- Hang out with your friends - for women especially, having a natter over a cup of tea or coffee is bliss. It's so important to a like-mind to bitch about the other half, whinge about the mess glitter makes, and have a chat about the really important stuff milling through your mind, like WTH was Miley Cyrus thinking and WTH is "twerking"??? Except, of course, when are busy juggling two "casual" jobs, homeschooling, volunteering and um...what else...Oh yes! Looking after the household! Catching up with friends runs a distant 3rd or 4th or 5th. Luckily they are fabbo friends who love you anyway!
- Hug your kids - OK, you homeschool your kids and so by default, you get to spend LOTS of time with them. But what I'm talking about here is just nice time. Snuggle up and watch a video that's not a documentary. Lie in bed and talk about how they are feeling. Give them a hug for no particular reason. You'll feel better. Trust me. Today my son told me that it was nice spending time with me as we were moving our shop from one arcade to another in our little town. That's a bit sad. I say "not now, mum's busy" too often to requests for board games or playing catch in the backyard. For a 'homeschooling' mum, I really miss my kids sometimes.
- Practice saying "no" - No. I can't take that extra shift at work (even though the $$ would help). No. I can't just review that letter. No. I haven't done your ironing and I have no intention of doing it today. Or...you could say "yes", "sure, no problem" and "Ummm, will Wednesday be OK with you?". And see just how much spare time you are left with.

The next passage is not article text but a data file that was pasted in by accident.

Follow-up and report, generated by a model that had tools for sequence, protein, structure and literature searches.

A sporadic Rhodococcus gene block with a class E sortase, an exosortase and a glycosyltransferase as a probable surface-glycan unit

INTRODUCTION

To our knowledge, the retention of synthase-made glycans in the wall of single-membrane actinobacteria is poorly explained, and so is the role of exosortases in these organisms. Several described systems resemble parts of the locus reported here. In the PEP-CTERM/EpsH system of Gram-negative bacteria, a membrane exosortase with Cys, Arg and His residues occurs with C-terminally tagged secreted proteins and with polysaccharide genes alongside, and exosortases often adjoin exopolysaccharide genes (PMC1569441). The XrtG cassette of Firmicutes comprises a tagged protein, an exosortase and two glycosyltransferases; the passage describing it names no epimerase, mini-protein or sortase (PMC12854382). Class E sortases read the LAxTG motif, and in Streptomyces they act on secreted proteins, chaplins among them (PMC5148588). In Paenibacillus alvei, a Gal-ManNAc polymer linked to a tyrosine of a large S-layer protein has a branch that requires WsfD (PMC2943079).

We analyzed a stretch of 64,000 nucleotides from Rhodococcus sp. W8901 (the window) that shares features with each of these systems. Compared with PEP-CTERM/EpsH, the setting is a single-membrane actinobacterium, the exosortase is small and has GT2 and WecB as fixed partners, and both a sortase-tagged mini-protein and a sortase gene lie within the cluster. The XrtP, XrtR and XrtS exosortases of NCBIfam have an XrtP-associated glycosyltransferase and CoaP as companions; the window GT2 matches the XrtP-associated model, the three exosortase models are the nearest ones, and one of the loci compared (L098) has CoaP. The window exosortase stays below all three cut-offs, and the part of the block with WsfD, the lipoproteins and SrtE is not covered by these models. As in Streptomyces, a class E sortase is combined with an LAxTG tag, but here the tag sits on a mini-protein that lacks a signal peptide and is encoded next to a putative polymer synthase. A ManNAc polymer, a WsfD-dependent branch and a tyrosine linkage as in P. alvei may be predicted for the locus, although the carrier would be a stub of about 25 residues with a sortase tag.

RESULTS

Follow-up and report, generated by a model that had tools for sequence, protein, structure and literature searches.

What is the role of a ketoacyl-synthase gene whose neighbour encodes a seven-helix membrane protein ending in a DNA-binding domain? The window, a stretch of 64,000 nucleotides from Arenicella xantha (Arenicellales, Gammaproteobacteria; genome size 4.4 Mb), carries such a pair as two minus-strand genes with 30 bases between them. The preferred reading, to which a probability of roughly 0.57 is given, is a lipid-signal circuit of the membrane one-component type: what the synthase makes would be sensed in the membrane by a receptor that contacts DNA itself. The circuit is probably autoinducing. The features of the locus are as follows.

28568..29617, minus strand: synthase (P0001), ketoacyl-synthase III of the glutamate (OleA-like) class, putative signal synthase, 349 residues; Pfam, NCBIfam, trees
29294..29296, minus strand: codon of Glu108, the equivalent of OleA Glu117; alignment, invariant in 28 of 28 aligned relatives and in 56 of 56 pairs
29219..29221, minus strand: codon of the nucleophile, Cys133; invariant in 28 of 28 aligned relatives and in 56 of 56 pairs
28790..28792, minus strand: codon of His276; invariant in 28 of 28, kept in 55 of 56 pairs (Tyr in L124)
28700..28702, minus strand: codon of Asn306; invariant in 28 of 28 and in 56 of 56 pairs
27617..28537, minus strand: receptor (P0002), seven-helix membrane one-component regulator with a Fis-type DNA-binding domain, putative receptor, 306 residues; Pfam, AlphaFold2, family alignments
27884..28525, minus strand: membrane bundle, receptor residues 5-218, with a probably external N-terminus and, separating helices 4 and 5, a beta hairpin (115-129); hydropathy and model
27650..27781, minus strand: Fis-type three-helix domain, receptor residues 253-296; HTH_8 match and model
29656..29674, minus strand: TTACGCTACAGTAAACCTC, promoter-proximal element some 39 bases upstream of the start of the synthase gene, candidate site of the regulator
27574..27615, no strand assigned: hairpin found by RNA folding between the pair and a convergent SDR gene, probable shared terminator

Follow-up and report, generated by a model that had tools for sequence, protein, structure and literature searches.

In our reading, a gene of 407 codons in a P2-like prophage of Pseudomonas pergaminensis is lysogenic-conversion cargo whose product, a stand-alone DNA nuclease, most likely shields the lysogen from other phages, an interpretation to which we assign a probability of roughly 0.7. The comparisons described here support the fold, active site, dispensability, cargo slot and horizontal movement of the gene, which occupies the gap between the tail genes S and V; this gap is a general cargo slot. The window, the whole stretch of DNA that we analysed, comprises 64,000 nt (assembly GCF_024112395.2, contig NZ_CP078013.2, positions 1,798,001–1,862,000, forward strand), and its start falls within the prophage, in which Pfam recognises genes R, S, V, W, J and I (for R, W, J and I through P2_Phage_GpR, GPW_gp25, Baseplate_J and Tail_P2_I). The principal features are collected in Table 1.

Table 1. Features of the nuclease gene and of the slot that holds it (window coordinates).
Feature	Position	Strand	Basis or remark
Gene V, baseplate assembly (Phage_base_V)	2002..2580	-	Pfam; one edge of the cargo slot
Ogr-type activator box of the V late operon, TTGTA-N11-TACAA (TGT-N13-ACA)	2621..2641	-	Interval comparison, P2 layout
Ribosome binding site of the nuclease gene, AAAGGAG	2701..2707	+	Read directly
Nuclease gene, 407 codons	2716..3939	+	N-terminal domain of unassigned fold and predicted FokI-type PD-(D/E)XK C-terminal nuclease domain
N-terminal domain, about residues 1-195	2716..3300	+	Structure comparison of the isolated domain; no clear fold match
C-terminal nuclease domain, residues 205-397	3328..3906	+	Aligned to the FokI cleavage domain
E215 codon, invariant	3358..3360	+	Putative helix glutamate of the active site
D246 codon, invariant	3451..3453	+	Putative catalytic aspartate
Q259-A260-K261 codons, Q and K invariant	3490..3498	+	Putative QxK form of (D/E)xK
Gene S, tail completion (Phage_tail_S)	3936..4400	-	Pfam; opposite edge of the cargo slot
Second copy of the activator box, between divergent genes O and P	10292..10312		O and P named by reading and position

- Breathe out - self-management should include time just for yourself. Not spending time with your kids, your husband, your friends or your ironing. Do something you ENJOY. Whatever floats your boat - spend some time each week doing it. I have enough grey hair to be mistaken for a granny. I don't do mani/pedis. I work in a library, yet struggle to finish a novel before my (extended) due date. The only shopping I've done lately is for homeschooling resources that my kids can do without supervision while I'm at work. I got a gift certificate for a beauty treatment for my birthday (yanno, back in early July) and I have yet to book said beauty treatment, because I haven't had time.
This homeschooling 2e kids is a hard gig. Try to make the time/space/priority to look after yourself. Or you can do as I do, ignore it all, and end up crying whilst typing, showering, making breakfast... You see, the apple doesn't fall far from the tree and the kids aren't the only ones who find life overwhelming.
It depends on how you react to things, but if you don't follow the golden rules, then migraines, back spasms, tears, over-dependence on alcohol (or worse), high blood pressure, anxiety (and possibly, depression), hives, and all manner of physical manifestations of a high stress existence will infiltrate your life and MAKE IT MISERABLE. Trust me. I know of which I speak.
So, take Ingi's advice and follow my rules. And you know what? I'm going to start following them too - right this minute, from today. Because all that other crap can wait - I need to first and foremost look after myself, because then I will be a better mum, wife, teacher, employee, friend and person.
Joining in again in Gifted Homeschool Forum's Blog Hop! This month is all about self-care (and not before time!). Check out the link to check out other great posts on this topic.